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Politics and The Way of Jesus

posted Nov 3, 2019, 4:39 PM by Tim Isbell

A subset of conservative evangelical Christians believes God wants them to exercise dominion over society by taking control of political and cultural institutions. Such far-right thinking is called dominionism.

  • Dominionists believe that the United States once was, and should again become a Christian nation. They deny the Enlightenment’s influence on the founding of American democracy. (The far-left denies the Christian influence on the founders.)
  • Dominionists generally do not respect other faiths or, sometimes, different versions of the Christian tradition. (The far-left typically rejects all organized religion.)
  • Dominionists believe the Ten Commandments and biblical law should be the foundation of American law and that the Constitution is a vehicle for implementing biblical principles. (The far-left considers themselves non-religious and guided by natural law.)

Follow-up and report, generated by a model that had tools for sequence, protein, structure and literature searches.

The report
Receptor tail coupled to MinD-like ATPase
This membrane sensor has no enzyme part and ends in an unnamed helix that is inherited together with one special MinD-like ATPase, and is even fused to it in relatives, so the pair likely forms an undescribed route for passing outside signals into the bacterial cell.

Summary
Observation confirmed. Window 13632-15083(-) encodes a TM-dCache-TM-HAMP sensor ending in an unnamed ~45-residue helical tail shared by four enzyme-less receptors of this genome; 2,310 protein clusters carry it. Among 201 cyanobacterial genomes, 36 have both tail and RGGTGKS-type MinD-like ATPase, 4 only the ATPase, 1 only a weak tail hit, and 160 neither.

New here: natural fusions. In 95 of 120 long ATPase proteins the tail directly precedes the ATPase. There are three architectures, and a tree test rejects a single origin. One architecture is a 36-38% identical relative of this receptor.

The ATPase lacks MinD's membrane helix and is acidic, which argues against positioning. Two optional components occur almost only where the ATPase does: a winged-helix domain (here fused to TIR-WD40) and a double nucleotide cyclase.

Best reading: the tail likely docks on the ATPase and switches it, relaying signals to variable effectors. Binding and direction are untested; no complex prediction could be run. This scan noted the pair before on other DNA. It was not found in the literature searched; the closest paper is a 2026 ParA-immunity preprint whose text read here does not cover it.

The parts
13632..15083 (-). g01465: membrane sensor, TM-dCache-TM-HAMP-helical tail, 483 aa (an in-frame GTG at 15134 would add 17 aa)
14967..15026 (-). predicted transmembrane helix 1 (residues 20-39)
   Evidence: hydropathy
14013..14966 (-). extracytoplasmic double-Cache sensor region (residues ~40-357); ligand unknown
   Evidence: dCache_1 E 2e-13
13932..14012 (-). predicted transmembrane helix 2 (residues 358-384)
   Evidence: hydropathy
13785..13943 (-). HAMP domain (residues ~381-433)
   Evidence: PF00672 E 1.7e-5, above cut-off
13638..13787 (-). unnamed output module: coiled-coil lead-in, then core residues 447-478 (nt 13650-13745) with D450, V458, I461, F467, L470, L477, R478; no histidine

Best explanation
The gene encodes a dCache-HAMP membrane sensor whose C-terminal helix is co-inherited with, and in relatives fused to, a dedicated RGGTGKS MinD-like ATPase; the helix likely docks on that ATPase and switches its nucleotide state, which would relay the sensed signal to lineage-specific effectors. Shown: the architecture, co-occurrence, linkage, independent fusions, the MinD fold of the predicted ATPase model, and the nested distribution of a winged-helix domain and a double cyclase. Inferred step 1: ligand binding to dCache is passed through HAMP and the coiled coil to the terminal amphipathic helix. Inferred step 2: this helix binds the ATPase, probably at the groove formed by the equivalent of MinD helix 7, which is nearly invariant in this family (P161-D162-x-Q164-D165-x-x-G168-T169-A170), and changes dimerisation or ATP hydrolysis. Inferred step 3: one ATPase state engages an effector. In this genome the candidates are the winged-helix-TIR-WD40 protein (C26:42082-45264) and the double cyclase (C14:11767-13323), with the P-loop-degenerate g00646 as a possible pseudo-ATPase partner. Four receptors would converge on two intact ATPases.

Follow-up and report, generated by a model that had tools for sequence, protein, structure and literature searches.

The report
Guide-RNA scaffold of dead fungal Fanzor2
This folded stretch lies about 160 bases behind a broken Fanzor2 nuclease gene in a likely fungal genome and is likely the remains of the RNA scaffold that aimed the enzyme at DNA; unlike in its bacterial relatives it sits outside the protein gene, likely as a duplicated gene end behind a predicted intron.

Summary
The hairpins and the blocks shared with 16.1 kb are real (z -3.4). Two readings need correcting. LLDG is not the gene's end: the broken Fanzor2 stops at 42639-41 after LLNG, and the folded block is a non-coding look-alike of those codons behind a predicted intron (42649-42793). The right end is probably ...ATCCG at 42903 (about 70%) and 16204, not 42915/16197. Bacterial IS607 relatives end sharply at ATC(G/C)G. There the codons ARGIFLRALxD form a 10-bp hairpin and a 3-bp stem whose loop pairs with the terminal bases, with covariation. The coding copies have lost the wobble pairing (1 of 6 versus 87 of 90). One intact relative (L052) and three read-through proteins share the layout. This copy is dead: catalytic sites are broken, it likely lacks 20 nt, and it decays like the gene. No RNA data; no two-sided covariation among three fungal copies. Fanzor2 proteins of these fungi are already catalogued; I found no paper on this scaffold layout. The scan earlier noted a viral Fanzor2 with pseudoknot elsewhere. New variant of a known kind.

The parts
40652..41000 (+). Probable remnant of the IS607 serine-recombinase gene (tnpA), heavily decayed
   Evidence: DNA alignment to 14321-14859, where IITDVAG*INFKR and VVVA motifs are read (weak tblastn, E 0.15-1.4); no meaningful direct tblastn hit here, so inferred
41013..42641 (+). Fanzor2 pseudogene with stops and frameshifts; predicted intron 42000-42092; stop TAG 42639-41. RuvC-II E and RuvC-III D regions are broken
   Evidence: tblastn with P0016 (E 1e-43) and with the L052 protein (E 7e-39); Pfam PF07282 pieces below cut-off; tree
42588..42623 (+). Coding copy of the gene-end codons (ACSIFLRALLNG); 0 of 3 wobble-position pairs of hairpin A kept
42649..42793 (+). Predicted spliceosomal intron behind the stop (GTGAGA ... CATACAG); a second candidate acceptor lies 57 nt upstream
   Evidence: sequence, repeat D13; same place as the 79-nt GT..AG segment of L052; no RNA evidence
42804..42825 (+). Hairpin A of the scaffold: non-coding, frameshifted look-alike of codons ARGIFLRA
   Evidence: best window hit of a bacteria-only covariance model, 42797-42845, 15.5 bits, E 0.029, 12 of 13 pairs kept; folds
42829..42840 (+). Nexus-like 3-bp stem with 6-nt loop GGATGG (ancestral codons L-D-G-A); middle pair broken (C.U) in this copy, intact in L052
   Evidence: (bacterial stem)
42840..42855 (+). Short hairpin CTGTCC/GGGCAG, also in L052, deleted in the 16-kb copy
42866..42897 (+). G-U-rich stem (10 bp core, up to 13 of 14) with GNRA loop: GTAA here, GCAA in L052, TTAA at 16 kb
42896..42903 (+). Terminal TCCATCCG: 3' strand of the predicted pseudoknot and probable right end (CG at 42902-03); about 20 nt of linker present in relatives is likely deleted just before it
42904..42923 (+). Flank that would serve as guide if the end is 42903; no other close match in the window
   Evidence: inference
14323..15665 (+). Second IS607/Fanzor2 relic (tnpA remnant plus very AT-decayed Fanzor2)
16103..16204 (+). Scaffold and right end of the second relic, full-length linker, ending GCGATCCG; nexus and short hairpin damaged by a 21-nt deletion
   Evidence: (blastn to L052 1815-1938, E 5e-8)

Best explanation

Religious right-wings are not new. In the gospels, Jesus grappled with the first-century religious right. They were called zealots. They believed God wanted them to make Israel great again by taking back its sovereignty as the Jewish nation governed by ancient Israelite Law. Simon-the-zealot was one of Jesus’ twelve disciples. Crowds around Jesus often pressed him to use his miraculous powers to break Rome’s control over Israel. The zealots called for a return of their nation’s sovereignty and had long expected that a Messiah would come to deliver it. Jesus knew that he was the Messiah, and he heard their calls. Instead of ushering in a theocratic state, Jesus went to the cross - and invited all people to follow him. In other words, Jesus understood and rejected dominionism.

So how does the Christian right-wing theologically justify dominionism? Check out Politics: The Way of Jesus.

Regards, Tim